Whilst idling away half an hour on the internet this morning, I came across The Brink’s website, an alcohol-free venue in Liverpool which offers all of the benefits of a really cool bar, minus the booze. What an amazing idea and how encouraging to think that somebody out there had faith enough in there being sufficient custom to sustain such an establishment aimed at those who don’t want to get sloshed every time they go out socially, to open this café bar in the first instance.
Capitalising on the fact that if you aren’t drinking you might actually want to enjoy something interesting and creative (rather than rabbling on in your mate’s ear in slurred, drunken tones about some boring rubbish that you’ll both have forgotten about in the morning), The Brink works closely with poets, artists and musicians in order to put on a variety of entertainment that you wouldn’t find in your run-of-the-mill pub.
And the best is yet to come – all the profits are ploughed back into the community to help those who have suffered as a result of alcoholism and addiction. I’m sold. I just wish that somebody would open an equivalent in Sheffield.
We live in a society which is deeply coloured by its love of booze. As soon as you quit drinking, it becomes all too apparent that bars, restaurants and clubs (on the whole) are geared up towards those who drink, for that is where the profit lies. That’s fine – we live in a capitalist society after all and nobody does anything for free, but it can leave us teetotallers feeling a little lost when it comes to our evening entertainment. There’s nothing stopping a non-drinker from sitting or standing in a crowded bar on a Saturday night surrounded by drunken fools, and many do. I am not one of them however.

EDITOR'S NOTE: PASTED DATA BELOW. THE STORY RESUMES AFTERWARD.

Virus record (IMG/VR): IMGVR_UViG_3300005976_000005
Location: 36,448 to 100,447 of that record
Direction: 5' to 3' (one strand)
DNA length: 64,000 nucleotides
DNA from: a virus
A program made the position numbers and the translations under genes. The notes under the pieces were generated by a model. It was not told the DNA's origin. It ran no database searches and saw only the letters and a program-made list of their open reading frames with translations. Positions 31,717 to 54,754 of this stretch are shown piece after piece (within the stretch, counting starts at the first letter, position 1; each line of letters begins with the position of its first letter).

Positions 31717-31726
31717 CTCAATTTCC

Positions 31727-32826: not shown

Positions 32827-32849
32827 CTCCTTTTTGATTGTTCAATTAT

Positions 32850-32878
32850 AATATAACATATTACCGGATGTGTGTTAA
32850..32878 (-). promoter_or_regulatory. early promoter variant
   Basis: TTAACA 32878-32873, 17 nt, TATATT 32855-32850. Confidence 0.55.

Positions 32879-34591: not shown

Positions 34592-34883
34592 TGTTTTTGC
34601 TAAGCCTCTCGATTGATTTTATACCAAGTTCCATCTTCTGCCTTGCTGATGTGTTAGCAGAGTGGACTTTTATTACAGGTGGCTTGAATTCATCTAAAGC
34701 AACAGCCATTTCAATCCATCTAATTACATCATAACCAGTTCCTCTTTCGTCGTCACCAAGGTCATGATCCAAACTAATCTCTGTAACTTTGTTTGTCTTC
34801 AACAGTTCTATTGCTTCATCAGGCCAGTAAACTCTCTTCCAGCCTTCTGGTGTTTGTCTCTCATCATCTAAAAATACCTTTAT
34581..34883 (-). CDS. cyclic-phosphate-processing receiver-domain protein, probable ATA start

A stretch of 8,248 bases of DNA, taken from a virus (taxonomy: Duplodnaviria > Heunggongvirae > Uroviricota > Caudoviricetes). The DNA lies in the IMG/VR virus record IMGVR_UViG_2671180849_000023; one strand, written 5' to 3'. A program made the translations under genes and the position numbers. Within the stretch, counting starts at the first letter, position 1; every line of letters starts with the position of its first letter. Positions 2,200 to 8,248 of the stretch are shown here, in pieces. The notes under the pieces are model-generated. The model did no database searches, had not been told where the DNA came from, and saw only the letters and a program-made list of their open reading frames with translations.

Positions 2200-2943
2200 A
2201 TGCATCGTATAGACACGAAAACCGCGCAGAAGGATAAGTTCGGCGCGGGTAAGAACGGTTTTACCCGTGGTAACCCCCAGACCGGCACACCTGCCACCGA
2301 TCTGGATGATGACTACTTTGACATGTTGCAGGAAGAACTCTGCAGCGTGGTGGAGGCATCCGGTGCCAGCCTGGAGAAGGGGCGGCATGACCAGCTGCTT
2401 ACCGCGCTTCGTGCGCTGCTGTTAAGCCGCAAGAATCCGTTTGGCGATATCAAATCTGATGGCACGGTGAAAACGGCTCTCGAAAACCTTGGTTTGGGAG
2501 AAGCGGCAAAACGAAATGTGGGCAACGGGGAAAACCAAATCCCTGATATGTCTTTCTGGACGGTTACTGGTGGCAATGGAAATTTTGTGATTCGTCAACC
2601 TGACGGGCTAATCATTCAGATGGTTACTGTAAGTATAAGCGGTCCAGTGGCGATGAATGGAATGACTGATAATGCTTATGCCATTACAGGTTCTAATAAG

Theatre, cinema, restaurants, yes; even a party with the right people, but city centre bars are pretty much my idea of hell now that I don’t drink. And so when I happened upon The Brink’s website I felt the glimmer of hope – if only someone in Sheffield gets wind of this and opens a similar thing here, I would happily become their most frequent customer. The presence of such places in our towns and cities would go a long way to promote the notion that having fun socially does not necessarily mean getting hammered. The fact that the profits go to helping those with addiction-related problems promotes compassion and community-spiritedness, instead of commercialism and financial gain. At closing time, the patrons leave to go home sober, probably in their own cars, rather than staggering around the city’s streets looking for a fight and throwing up in doorways.
I can feel a trip to Liverpool coming on…Take a look at The Brink’s website for further information.